Marijuana could stop post-traumatic stress symptoms
Washington: A new study has found that administration of cannabinoids (marijuana) after experiencing a traumatic event blocks the development of post-traumatic stress disorder (PTSD)-like symptoms.
The study was conducted at the University of Haifa, where researchers examined how administering cannabinoids (synthetic marijuana) affects the development of PTSD-like symptoms in rats.
"We found that there is a ``window of opportunity`` during which administering synthetic marijuana helps deal with symptoms simulating PTSD in rats," Dr. Irit Akirav of the University of Haifa``s Department of Psychology, who led the study, said.
Dr. Akirav along with research student Eti Ganon-Elazar exposed a group of rats to extreme stress, and observed that the rats did indeed display symptoms resembling PTSD in humans, such as an enhanced startle reflex, impaired extinction learning, and disruption of the negative feedback cycle of the stress-influenced HPA axis.
The rats were then divided into four groups. One was given no marijuana at all; the second was given a marijuana injection two hours after being exposed to a traumatic event; the third group after 24 hours and the fourth group after 48 hours.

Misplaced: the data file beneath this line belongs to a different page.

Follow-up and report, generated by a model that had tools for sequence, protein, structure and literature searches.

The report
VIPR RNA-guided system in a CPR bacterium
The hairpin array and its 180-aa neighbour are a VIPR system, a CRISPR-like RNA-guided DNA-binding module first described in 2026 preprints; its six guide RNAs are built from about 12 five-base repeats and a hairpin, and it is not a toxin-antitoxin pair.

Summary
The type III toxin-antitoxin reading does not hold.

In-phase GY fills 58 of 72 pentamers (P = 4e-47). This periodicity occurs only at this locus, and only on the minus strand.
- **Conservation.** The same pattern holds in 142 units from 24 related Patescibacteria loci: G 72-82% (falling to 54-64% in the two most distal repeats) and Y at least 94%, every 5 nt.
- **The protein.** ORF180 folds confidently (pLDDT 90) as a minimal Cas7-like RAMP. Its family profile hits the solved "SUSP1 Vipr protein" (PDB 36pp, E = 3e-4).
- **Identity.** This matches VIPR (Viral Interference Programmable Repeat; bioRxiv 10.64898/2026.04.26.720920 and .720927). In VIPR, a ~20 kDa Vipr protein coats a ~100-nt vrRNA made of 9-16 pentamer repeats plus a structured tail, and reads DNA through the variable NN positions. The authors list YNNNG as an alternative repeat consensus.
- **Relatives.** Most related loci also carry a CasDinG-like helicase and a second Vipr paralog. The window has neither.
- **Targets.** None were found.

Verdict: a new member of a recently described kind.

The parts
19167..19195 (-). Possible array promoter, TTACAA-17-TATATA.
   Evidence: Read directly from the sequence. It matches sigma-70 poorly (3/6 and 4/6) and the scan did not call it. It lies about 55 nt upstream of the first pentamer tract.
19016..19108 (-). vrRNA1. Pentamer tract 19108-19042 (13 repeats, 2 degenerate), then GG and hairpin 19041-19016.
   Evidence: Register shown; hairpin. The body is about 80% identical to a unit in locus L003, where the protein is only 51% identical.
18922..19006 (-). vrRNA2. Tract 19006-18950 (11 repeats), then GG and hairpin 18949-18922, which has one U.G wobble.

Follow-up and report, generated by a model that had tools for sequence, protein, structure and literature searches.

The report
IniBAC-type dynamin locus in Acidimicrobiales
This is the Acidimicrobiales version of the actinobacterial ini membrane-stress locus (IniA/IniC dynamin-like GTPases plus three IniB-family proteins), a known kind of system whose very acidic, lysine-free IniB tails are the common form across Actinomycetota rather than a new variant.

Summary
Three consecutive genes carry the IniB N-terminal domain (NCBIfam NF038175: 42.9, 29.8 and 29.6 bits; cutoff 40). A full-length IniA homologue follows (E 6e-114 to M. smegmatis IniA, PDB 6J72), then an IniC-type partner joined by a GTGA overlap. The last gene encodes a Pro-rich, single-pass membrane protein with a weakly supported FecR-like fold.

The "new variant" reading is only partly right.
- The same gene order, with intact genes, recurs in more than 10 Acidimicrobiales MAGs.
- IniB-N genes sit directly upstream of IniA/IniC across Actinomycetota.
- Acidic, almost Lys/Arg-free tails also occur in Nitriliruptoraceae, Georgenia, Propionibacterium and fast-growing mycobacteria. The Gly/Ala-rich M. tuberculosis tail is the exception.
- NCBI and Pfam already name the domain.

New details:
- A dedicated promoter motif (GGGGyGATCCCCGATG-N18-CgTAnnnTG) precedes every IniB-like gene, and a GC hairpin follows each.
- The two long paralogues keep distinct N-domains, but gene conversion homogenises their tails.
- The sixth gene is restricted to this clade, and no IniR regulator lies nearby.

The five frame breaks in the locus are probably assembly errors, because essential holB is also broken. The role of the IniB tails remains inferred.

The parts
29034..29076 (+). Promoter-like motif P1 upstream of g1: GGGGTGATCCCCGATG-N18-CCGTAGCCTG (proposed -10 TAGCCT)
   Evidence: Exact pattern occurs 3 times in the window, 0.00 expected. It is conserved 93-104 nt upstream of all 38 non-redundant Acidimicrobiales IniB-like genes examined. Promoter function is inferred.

A week later, the researchers examined the rats and found that the group that had not been administered marijuana and the group that got the injection 48 hours after experiencing trauma continued to display PTSD symptoms as well as a high level of anxiety.
By contrast, the PTSD symptoms disappeared in the rats that were given marijuana 2 or 24 hours after experiencing trauma, even though these rats had also developed a high level of anxiety.
"This indicates that the marijuana did not erase the experience of the trauma, but that it specifically prevented the development of post-trauma symptoms in the rat model," said Dr. Akirav.
Dr. Akirav added that the results suggest there is a particular window of time during which administering marijuana is effective, and since human life span is significantly longer than that of rats, one could assume that this window of time would be longer for humans.
The second stage of the study sought to understand the brain mechanism that is put into operation during the administering of marijuana.
To do this, they repeated stage one of the experiment, but after the trauma they injected the synthetic marijuana directly into the amygdala area of the brain, the area known to be responsible for response to trauma.
The researchers found that the marijuana blocked development of PTSD symptoms in these cases as well.
From this the researchers were able to conclude that the effect of the marijuana is mediated by a CB1 receptor in the amygdala.
The findings have been published in the journal Neuropsychopharmacology.
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